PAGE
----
Freedom from the Press: Why Federal Propaganda Prohibition Act of 2005 is a Good Idea
affiliation not provided to SSRN
June 1, 2009
Penn State Law Review, Vol. 114, No. 251, 2009
Broadly, this paper examines the evolution of mass persuasion. It follows the path of liberal gains from the cradle of the printing press to the canonization of the First Amendment and beyond, into the Internet age. Historically, progress has been a catalyst for positive, liberating change, but recently, the invention of the Internet has both bolstered the freedom of expression and increased the effectiveness of deceptive practices. In this context, I examine the unrestrained role of the traditional media in forming public opinion and conclude that the media’s claim to independence and impartiality has been severely jeopardized by its own behavior and by commercial and governmental meddling. Unfortunately, an effective legislative response is still forthcoming. Nevertheless, such a response must emerge to protect the people from informational misuse. My proposed action does not put any additional restraint on speech. Rather, it introduces a method of revealing stealth propaganda.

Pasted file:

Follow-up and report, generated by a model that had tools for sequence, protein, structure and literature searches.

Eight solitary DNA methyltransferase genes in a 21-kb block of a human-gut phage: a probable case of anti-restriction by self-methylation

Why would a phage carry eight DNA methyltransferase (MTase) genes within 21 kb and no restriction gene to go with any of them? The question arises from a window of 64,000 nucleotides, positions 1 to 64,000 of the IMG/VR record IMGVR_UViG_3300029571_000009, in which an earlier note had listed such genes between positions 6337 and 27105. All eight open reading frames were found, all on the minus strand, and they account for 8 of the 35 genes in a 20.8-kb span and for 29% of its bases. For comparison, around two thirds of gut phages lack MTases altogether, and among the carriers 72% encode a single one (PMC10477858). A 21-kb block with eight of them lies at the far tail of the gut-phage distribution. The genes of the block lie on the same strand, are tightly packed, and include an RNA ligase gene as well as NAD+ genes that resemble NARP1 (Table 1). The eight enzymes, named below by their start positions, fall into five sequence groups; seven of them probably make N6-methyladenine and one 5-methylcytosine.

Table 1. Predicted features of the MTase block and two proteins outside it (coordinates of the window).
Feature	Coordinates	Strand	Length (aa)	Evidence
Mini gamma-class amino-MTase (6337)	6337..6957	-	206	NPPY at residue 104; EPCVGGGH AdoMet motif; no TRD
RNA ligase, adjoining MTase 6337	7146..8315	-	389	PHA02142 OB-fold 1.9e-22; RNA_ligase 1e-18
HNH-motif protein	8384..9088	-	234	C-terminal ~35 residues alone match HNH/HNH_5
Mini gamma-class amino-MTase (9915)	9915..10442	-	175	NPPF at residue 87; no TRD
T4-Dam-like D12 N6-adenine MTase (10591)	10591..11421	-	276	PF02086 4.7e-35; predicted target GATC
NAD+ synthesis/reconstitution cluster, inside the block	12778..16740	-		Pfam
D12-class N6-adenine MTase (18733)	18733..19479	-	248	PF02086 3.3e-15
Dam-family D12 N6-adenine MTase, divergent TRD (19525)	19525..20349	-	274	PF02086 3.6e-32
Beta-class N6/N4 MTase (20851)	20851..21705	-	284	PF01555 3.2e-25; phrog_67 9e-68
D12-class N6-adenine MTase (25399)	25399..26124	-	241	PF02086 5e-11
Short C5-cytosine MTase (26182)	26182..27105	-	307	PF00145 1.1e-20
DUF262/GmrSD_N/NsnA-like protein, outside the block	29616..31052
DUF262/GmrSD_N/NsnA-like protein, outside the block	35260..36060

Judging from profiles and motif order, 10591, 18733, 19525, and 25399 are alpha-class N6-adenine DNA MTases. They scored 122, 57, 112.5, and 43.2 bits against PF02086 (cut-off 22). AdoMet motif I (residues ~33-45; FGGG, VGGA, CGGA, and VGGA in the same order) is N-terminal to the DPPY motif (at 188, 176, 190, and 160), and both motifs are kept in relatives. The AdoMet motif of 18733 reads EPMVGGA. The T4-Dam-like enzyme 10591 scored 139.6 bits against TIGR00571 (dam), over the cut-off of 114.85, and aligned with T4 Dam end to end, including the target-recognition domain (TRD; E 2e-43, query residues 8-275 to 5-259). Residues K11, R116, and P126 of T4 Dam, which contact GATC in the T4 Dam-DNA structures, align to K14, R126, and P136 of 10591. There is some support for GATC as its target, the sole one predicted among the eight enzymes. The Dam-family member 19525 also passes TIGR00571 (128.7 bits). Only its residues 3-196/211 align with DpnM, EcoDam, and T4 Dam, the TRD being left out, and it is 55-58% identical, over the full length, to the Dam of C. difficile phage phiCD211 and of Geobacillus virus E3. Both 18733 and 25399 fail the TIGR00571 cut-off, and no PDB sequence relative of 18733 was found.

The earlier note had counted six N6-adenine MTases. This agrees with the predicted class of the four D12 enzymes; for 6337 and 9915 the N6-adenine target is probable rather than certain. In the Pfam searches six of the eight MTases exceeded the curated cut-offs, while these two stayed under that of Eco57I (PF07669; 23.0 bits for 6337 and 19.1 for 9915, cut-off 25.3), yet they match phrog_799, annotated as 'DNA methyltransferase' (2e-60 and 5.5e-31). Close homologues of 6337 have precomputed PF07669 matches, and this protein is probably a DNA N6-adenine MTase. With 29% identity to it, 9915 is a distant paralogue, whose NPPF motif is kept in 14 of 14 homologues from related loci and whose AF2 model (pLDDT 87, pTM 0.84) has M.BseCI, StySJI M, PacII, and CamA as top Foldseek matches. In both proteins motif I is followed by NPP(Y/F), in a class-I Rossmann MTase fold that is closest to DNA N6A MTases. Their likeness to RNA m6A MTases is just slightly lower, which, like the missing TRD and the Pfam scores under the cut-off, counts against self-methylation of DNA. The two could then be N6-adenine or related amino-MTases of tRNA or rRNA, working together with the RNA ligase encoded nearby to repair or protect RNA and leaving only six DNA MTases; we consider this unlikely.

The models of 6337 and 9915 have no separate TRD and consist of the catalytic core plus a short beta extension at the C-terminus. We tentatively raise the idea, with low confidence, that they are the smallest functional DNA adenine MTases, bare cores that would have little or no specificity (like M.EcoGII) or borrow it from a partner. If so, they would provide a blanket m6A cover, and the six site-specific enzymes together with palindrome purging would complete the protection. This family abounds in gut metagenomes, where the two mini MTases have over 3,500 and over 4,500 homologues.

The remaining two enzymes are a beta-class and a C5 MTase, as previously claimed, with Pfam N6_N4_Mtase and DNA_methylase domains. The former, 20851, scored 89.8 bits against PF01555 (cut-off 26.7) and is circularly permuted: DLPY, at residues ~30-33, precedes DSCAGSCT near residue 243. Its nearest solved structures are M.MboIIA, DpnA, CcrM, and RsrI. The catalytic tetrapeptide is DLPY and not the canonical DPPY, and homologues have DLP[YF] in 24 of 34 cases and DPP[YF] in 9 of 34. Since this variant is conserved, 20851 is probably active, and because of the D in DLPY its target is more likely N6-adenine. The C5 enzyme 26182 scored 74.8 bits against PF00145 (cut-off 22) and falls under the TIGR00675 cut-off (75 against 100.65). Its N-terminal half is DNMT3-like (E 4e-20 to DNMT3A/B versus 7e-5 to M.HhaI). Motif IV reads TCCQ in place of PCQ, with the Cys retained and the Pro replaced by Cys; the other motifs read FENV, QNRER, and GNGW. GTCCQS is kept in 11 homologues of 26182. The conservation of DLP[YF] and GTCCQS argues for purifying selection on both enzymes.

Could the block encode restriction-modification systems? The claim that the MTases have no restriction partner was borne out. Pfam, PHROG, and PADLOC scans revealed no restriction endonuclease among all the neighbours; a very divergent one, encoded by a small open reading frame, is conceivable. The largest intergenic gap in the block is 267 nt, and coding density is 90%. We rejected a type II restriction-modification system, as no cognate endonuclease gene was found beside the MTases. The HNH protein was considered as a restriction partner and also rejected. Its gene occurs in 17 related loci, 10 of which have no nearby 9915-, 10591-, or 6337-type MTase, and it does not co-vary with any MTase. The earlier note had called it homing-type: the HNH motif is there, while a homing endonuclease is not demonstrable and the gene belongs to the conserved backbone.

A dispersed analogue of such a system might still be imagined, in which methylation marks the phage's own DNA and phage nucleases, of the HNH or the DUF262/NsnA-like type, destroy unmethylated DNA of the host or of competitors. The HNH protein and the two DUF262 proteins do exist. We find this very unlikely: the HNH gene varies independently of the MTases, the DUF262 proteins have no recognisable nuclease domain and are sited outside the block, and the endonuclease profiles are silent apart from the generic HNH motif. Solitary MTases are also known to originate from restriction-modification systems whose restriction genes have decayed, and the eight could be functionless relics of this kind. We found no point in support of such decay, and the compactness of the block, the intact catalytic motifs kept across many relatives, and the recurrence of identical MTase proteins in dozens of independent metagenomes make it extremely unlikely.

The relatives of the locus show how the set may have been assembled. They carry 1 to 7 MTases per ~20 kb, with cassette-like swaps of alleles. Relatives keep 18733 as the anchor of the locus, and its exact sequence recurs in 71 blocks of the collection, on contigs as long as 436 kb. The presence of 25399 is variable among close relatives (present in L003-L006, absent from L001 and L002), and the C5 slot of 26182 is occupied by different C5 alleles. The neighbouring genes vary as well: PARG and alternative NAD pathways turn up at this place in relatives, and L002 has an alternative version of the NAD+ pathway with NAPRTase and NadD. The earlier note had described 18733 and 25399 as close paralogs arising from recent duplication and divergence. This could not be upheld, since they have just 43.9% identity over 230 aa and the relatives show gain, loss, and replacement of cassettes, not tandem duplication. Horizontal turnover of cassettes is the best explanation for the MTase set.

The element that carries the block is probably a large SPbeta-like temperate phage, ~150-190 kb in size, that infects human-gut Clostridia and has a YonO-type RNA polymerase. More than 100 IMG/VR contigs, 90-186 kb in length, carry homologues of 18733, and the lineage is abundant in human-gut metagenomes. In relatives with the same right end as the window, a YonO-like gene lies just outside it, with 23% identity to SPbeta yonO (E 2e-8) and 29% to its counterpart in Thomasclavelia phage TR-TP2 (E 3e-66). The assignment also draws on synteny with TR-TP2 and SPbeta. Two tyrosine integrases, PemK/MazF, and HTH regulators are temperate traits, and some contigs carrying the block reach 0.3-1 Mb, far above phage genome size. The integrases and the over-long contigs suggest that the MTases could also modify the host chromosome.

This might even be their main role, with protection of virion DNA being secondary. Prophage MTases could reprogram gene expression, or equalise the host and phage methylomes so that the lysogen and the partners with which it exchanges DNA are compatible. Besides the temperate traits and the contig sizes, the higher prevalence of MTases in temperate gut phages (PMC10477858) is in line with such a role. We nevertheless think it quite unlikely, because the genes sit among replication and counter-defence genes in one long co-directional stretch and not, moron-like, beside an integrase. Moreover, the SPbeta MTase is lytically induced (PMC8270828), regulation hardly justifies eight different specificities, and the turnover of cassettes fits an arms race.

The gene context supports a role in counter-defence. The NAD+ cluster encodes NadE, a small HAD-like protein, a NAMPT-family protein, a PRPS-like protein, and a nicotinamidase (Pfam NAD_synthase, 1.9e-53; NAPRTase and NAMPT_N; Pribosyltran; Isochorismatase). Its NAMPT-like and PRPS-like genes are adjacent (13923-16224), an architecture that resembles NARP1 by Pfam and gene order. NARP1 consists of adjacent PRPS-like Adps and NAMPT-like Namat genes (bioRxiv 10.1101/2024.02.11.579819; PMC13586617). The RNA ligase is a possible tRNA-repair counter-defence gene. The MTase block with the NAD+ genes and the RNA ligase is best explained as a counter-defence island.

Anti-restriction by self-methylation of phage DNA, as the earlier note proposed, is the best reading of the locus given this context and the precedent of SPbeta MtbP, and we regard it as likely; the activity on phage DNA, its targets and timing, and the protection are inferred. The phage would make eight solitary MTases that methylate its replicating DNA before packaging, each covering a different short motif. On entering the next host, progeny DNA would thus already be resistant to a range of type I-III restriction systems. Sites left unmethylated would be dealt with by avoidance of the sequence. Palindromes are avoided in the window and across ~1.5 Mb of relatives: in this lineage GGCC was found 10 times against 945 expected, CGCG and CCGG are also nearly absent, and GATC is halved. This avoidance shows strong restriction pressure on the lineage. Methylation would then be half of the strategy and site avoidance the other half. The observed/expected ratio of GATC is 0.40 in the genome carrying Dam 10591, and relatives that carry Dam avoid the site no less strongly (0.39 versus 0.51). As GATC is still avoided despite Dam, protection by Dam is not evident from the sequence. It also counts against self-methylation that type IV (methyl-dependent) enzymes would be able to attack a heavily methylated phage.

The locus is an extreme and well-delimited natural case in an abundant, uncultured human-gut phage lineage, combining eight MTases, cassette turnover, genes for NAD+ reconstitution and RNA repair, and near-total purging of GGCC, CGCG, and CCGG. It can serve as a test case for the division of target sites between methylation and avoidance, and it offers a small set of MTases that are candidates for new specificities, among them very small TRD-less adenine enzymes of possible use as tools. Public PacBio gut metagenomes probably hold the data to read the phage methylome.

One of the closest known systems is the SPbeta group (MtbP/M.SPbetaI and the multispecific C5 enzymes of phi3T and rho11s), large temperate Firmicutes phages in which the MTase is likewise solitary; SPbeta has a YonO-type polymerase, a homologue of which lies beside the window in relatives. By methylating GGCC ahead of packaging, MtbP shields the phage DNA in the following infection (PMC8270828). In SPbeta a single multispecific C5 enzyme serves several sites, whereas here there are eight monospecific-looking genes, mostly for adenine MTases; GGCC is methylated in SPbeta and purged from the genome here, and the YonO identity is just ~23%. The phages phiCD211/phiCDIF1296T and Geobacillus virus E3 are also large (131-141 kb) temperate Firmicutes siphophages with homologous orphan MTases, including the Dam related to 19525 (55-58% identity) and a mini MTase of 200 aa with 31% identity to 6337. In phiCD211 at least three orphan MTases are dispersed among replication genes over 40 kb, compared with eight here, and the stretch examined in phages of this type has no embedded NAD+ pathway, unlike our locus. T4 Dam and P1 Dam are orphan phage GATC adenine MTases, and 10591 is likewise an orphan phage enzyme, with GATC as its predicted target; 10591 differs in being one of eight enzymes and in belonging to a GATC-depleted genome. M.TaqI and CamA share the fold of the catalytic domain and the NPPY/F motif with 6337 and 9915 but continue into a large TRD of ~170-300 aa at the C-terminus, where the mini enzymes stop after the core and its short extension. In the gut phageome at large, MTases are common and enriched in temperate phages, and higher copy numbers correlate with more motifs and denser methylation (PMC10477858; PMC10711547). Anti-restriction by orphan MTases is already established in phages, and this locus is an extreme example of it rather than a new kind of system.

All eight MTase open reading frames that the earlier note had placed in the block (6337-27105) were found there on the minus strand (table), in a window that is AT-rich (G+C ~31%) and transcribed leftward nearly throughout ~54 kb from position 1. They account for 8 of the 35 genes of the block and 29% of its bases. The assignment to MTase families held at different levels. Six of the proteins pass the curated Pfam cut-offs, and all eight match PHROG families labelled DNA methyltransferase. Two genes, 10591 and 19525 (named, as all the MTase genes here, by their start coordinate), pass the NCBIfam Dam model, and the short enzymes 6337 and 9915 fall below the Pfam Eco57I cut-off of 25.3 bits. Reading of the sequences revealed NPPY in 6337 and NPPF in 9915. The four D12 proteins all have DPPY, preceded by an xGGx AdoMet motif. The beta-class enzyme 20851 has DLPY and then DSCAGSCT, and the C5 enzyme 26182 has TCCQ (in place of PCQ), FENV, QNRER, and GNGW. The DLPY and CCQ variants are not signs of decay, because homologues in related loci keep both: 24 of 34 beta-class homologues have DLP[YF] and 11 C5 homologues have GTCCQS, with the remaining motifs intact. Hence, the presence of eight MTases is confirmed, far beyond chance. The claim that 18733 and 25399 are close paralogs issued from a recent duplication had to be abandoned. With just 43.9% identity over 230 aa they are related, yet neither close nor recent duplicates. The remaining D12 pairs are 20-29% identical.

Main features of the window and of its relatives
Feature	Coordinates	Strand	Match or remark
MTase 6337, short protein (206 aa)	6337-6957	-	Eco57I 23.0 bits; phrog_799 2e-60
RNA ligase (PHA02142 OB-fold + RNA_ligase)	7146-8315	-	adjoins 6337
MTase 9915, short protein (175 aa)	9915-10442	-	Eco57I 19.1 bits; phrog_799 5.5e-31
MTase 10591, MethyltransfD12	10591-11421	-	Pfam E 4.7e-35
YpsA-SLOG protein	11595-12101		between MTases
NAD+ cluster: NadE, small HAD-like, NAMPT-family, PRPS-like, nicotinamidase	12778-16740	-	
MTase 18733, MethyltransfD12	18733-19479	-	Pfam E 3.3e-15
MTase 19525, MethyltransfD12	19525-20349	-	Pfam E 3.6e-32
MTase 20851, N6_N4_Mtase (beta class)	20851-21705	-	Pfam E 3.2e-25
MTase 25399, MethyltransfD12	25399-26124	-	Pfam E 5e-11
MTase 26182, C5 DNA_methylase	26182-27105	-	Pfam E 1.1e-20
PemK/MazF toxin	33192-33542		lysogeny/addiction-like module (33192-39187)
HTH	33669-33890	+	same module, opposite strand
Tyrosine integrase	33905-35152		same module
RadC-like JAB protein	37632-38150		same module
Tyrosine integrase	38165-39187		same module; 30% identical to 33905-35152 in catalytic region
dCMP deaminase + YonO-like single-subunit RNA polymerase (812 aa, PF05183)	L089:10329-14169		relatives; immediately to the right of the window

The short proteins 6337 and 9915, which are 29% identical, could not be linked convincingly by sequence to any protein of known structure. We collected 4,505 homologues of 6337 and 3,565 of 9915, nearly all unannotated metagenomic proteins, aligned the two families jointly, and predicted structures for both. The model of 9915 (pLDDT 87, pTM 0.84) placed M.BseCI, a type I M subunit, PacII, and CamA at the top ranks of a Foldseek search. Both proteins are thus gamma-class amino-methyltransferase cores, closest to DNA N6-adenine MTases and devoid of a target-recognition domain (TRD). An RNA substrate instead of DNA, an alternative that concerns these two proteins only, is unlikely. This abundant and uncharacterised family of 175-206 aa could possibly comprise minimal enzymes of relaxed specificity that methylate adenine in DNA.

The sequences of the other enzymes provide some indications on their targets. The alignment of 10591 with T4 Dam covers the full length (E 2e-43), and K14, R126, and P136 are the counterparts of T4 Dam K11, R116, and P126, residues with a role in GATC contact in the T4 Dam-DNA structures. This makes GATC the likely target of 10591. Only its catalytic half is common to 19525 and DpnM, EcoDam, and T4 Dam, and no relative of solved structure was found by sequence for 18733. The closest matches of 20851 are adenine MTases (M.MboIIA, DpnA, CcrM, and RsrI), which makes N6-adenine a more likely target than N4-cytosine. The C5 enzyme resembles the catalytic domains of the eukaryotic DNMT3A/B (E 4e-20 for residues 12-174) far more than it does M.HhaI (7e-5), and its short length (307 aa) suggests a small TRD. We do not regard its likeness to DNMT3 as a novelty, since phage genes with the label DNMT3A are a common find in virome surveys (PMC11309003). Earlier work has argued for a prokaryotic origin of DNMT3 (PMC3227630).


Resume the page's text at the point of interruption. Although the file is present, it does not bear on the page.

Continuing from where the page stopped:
Number of Pages in PDF File: 42
Keywords: net neutrality, propaganda, first amendments freedom of the press, foreign agents registration act, printing press, youtube, broadcasting, Federal Communications Comission, FCC, manufacture of consent, alien and sedition acts, sarah palin, new york times, spectrum scarcity
JEL Classification: K30working papers series
Date posted: August 21, 2010 ; Last revised: October 18, 2010
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